I have a fresh installation of Ubuntu 14.10 on my laptop. It appears that letters are missing from files and folders, as well as menus and configuration windows. I'm not sure where to start in order to fix this.
I had the same problem on my Dell Inspiron with 5th generation i5 running Ubuntu 14.04. Luckily I found an easy solution for this. First - install Ubuntu Tweak (following commands work for installing it):
sudo add-apt-repository ppa:tualatrix/ppa sudo apt-get update sudo apt-get install ubuntu-tweak
Then, go to Fonts, change
Antialiasing option from
Subpixels Antialiasing (LCD screens only) to
Standard Grayscale Aliasing and everything seems to work fine. In fact, the problem immediately appears/disappears on changing the setting, so seems this is indeed the possible cause.
With missing letters, you might have trouble finding the "Antialiasing" label etc. Here's a graphical guide on how the tool looks with working fonts, to help you find where to click.
In the first window, you must pick the "Tweaks" tab in the top row (third from the left — i.e. the central one), then "Fonts" (first icon on the left in the first row):
Then, click the bottom choice bar, and choose the middle option (I can't show a screenshot with the choice bar opened, unfortunately, as Ubuntu doesn't seem to react to me pressing the PrtScr key then :-/)
Similar guide as above, but for the Unity Tweak tool.
After starting the tool, click "Fonts" (right-most icon in the third row):
Then click the marked choice bar, and select the middle option when it opens:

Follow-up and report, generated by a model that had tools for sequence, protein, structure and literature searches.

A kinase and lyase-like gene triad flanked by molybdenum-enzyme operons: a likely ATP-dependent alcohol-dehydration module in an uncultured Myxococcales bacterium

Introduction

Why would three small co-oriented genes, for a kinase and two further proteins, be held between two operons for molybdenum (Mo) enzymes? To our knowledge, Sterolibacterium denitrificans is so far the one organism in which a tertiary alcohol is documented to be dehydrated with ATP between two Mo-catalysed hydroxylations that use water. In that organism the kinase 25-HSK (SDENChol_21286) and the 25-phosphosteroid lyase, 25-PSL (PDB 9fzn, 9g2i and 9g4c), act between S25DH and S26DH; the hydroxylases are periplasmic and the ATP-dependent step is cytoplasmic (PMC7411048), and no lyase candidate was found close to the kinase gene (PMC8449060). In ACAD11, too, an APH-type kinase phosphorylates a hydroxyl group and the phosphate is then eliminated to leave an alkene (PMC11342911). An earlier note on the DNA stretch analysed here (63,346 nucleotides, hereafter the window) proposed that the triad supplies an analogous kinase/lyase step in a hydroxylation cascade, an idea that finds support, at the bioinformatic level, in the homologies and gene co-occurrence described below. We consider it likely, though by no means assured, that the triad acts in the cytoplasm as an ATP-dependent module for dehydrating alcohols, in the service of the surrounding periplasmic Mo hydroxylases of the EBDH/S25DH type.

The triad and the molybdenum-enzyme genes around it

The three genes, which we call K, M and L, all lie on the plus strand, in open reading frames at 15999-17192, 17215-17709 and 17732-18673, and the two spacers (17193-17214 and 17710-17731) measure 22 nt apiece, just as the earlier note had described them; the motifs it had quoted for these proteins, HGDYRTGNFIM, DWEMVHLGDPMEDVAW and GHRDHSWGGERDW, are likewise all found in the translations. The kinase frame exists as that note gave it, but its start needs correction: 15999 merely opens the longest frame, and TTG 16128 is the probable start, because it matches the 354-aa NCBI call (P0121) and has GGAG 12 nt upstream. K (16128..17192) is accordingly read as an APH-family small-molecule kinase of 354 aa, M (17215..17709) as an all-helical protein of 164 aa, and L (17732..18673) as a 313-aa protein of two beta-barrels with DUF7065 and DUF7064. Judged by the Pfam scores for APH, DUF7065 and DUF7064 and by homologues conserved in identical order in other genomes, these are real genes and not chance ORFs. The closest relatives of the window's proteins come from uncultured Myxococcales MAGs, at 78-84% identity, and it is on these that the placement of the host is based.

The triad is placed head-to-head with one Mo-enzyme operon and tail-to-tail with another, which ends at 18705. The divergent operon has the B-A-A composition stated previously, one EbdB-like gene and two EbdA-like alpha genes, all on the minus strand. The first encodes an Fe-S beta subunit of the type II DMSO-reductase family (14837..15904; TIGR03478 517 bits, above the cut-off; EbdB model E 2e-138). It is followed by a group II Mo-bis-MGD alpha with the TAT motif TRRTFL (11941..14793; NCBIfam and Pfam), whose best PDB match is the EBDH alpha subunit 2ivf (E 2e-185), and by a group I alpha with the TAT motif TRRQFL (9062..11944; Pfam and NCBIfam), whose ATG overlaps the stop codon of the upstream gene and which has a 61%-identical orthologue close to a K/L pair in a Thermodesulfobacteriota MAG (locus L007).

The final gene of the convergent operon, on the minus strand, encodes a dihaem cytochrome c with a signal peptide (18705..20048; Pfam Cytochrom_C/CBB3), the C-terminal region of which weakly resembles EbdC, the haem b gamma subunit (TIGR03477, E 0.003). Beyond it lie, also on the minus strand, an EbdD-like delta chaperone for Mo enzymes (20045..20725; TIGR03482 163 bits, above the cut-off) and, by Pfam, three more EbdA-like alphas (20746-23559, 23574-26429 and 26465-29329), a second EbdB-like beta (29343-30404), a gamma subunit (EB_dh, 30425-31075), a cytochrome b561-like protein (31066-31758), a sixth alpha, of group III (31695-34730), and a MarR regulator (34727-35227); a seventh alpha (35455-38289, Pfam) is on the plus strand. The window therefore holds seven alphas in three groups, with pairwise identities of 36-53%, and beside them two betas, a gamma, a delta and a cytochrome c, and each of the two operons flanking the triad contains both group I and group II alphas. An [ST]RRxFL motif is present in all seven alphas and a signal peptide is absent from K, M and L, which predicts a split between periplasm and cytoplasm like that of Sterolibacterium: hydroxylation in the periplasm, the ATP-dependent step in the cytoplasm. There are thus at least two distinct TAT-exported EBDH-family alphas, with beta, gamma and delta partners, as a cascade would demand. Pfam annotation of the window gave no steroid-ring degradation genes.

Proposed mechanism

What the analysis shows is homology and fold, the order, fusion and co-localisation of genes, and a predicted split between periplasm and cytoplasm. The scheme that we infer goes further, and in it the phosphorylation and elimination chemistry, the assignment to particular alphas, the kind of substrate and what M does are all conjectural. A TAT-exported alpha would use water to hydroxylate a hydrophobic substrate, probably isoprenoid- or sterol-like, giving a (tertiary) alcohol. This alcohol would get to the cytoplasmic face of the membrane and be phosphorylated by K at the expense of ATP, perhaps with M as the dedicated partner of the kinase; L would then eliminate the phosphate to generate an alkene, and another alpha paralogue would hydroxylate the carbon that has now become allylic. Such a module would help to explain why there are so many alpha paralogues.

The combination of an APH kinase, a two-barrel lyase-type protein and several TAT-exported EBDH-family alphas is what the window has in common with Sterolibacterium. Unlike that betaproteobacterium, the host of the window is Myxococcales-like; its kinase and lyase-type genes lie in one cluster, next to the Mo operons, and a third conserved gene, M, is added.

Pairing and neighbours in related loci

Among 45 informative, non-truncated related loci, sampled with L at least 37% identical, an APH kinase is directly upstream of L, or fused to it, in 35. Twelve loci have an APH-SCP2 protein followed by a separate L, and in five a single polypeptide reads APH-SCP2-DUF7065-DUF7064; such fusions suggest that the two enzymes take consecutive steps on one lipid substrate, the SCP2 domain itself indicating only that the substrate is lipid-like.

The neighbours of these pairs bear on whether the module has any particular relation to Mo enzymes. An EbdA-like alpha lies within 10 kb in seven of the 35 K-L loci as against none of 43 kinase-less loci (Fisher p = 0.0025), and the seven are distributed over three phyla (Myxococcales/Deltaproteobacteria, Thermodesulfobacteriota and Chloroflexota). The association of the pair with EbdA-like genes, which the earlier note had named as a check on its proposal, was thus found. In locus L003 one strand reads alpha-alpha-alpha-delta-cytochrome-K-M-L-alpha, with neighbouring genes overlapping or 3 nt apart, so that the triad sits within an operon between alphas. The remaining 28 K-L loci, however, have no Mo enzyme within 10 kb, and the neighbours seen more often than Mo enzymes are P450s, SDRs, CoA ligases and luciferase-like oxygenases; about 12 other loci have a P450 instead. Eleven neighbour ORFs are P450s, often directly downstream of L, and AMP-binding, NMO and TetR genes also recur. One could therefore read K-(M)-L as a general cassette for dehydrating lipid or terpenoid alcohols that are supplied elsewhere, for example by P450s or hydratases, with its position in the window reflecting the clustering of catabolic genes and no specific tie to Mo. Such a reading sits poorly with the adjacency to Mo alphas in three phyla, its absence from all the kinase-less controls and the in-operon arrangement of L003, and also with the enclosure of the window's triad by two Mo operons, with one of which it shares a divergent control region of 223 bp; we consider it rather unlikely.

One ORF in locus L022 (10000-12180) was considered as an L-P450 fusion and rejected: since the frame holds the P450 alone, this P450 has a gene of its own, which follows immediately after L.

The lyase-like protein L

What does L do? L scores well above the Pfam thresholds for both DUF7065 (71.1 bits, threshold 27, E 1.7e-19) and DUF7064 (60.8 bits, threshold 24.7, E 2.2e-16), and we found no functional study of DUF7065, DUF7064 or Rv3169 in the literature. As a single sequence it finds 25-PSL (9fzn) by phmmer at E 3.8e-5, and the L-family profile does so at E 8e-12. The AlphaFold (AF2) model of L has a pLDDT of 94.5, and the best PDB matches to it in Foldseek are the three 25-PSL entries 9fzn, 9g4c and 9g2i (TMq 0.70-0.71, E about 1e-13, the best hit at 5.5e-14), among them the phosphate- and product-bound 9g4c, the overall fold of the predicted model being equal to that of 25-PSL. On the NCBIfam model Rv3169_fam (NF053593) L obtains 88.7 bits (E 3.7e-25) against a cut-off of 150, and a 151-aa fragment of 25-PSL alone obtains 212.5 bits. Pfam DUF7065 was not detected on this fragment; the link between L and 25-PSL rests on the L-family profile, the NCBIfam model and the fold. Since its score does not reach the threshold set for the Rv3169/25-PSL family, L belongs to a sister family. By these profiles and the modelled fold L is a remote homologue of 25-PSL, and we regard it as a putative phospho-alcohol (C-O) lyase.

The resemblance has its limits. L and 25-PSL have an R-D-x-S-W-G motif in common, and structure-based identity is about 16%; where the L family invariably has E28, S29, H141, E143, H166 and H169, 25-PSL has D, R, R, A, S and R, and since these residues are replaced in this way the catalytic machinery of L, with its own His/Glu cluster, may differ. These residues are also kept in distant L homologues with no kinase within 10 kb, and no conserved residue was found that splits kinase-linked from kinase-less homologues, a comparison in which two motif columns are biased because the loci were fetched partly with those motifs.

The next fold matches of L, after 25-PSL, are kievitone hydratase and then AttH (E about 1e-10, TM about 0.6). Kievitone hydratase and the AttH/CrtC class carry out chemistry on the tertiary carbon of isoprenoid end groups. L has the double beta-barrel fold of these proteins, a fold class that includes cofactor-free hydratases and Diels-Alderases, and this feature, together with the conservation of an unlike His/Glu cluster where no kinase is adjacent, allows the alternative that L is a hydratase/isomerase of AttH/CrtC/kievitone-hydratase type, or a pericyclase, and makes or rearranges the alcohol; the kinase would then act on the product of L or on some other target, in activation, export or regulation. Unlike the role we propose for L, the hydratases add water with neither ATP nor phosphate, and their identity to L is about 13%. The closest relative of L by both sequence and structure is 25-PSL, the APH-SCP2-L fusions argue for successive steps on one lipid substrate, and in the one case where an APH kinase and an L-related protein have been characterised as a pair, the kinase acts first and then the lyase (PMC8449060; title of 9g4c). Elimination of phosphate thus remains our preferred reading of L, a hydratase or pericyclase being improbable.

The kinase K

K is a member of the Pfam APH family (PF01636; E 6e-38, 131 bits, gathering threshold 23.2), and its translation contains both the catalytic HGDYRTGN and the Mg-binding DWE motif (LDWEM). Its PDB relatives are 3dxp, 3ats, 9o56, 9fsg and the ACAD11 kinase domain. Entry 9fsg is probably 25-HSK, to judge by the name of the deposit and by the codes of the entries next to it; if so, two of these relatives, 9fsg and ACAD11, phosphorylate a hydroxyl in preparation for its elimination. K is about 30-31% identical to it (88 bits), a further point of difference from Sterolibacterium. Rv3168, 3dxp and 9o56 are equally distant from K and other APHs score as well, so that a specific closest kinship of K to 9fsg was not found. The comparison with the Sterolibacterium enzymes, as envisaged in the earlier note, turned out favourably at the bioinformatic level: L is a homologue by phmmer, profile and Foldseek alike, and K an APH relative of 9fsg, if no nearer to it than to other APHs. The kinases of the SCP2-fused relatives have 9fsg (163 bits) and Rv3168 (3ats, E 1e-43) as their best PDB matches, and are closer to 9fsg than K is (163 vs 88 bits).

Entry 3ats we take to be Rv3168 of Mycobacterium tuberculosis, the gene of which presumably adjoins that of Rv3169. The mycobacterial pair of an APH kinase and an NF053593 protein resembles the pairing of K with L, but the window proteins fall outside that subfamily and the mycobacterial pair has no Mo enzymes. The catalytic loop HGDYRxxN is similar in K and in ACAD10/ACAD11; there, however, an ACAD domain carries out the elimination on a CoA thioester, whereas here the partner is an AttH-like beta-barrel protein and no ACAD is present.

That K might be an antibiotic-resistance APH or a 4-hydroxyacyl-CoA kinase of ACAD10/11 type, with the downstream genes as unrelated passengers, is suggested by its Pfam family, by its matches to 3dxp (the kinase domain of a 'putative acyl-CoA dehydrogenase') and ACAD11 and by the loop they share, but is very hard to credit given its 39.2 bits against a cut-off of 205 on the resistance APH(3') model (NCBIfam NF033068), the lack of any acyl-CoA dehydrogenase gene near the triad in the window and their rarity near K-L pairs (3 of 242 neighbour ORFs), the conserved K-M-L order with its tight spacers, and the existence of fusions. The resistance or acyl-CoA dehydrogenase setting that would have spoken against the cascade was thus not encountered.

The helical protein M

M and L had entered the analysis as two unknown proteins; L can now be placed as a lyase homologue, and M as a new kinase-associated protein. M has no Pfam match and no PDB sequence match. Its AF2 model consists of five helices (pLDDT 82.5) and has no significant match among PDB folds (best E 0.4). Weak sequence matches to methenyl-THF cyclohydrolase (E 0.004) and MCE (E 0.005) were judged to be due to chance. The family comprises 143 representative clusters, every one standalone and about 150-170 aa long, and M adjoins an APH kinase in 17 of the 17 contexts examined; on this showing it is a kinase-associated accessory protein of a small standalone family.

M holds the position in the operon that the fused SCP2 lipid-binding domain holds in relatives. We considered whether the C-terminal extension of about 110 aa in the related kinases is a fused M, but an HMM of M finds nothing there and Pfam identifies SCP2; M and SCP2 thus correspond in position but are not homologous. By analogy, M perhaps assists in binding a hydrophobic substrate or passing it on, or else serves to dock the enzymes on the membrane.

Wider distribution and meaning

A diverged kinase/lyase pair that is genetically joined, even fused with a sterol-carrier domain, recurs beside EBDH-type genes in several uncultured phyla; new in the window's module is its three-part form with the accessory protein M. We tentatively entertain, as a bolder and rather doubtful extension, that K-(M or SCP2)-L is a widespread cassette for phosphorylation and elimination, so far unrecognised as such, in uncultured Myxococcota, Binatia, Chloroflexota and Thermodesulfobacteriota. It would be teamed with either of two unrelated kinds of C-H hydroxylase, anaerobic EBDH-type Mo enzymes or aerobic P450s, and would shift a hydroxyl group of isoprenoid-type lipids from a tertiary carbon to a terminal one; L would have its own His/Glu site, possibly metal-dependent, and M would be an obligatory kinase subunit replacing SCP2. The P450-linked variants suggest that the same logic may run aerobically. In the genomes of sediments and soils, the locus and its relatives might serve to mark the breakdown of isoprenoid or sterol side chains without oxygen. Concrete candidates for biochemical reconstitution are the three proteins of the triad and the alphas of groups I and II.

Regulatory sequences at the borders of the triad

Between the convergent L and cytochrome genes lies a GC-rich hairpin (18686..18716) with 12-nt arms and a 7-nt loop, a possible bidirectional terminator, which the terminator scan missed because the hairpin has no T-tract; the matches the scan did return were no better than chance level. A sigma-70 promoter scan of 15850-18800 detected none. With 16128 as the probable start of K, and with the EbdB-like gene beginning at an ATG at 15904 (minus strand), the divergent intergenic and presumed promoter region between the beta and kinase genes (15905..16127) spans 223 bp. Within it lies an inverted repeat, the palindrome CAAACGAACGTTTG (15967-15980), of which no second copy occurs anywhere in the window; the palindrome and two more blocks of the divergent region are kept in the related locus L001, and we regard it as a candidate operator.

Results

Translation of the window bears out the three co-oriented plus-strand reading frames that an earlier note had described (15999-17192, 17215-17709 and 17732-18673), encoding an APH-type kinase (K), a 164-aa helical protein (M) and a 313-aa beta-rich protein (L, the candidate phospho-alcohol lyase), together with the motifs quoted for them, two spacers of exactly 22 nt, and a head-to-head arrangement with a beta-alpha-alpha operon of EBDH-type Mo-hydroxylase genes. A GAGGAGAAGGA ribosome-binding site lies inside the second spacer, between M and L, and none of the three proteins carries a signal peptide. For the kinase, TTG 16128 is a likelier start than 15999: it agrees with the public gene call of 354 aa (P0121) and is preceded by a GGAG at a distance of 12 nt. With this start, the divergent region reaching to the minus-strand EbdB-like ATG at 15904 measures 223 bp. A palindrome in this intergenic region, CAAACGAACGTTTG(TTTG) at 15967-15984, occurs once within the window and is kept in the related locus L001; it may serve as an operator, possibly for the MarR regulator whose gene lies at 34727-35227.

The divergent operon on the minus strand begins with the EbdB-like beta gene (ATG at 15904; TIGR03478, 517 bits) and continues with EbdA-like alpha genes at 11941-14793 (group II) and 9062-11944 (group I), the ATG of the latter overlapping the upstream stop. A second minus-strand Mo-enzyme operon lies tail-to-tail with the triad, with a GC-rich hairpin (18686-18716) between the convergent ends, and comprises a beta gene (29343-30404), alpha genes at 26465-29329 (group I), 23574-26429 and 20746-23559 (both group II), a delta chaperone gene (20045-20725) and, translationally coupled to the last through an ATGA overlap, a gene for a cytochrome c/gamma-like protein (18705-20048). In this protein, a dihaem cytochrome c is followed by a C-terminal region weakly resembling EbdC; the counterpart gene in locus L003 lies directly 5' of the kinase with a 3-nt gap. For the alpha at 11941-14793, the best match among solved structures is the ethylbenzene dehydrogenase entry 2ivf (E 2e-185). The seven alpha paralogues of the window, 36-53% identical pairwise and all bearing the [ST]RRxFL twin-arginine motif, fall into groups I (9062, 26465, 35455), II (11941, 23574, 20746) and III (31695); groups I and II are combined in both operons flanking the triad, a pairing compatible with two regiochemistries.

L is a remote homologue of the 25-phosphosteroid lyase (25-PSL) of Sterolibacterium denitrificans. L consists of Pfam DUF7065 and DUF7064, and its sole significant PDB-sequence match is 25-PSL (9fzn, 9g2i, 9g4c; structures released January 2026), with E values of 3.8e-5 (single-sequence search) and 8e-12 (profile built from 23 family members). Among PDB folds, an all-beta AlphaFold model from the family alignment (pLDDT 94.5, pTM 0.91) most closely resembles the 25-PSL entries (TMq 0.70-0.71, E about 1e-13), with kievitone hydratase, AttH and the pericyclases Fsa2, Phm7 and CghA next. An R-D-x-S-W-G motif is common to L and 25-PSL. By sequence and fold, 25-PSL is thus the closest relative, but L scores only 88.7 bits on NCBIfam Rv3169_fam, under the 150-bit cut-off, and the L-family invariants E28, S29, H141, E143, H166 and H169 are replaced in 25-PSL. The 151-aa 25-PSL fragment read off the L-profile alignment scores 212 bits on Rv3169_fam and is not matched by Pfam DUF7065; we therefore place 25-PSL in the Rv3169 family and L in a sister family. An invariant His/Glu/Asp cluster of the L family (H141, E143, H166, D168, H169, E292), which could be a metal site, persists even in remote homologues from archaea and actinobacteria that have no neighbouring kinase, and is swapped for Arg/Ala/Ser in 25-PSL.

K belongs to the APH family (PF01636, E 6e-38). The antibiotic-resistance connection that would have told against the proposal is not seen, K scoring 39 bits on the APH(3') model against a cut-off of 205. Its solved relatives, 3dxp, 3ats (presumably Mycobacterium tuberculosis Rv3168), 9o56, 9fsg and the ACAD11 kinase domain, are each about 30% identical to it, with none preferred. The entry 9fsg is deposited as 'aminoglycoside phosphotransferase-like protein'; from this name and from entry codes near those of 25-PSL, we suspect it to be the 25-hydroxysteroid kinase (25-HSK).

For me this usually happens (sooner) when I got a second display hooked up to the laptop. Changing the aliasing using ubuntu tweak only temporarily solves the problem. Same for changing the font size using ubuntu's displays.
Installing the Intel Graphics Installer for Linux (which is at version 1.1.0 now) doesn't seem to do anything at all. I ran the installer through the software center without any problems.
I have been using this workaround for a day now without any problems. On ubuntu 14.04:
Create or edit /etc/X11/xorg.conf Add the code below, save and reboot
Section "Device" Identifier "Intel Graphics" Driver "intel" Option "AccelMethod" "uxa" EndSection
It might be an driver issue. If you're using an Intel graphics, try installing the latest(1.0.8) Intel Graphics Installer for Linux, which supports 14.10. I had same problem with my 5th generation i5 laptop but it solved this problem.
I had the same problem on my new Dell laptop with Intel® HD Graphics 5500 (Broadwell GT2). If you had dependence problem when installing the above Graphic Installer for Linux, you can install GDebi Package Installer which can easily solve dependence issues.
Or first install GDebi
sudo apt-get install gdebi
Download the 64 bit driver for an X64 system or the 32 bit version for an X86.
Finally, use GDebi to install that driver
sudo gdebi intel-linux-graphics-installer_1.0.8-0intel1_amd64.deb
I had the same problem, and found a post that suggested changing the font size of the "ubuntu" default font (had to install something called ubuntu tweaks to be able to do so). After changing the font size, everything was displayed correctly.
I still have some issues with my terminal blanking out once in a while, but just pressing enter a few times, and everything reappears. Most likely some sort of graphic driver bug, but at least the font size change fixed most of the problem for me
It looks like the issue was fixed in Ubuntu 15.04. I've upgraded and the problem is no longer an issue.
During the upgrade I did notice that several AMD specific packages were installed.
Sometimes I have this issue using Ubuntu 15.04 too. A quick and dirty workaround consists of restarting X (
sudo service lightdm restart)
Be aware that this kills all your open applications and you will lose any data that has not been saved.
Thank you for your interest in this question.
Because it has attracted low-quality or spam answers that had to be removed, posting an answer now requires 10 reputation on this site (the association bonus does not count).
Would you like to answer one of these unanswered questions instead?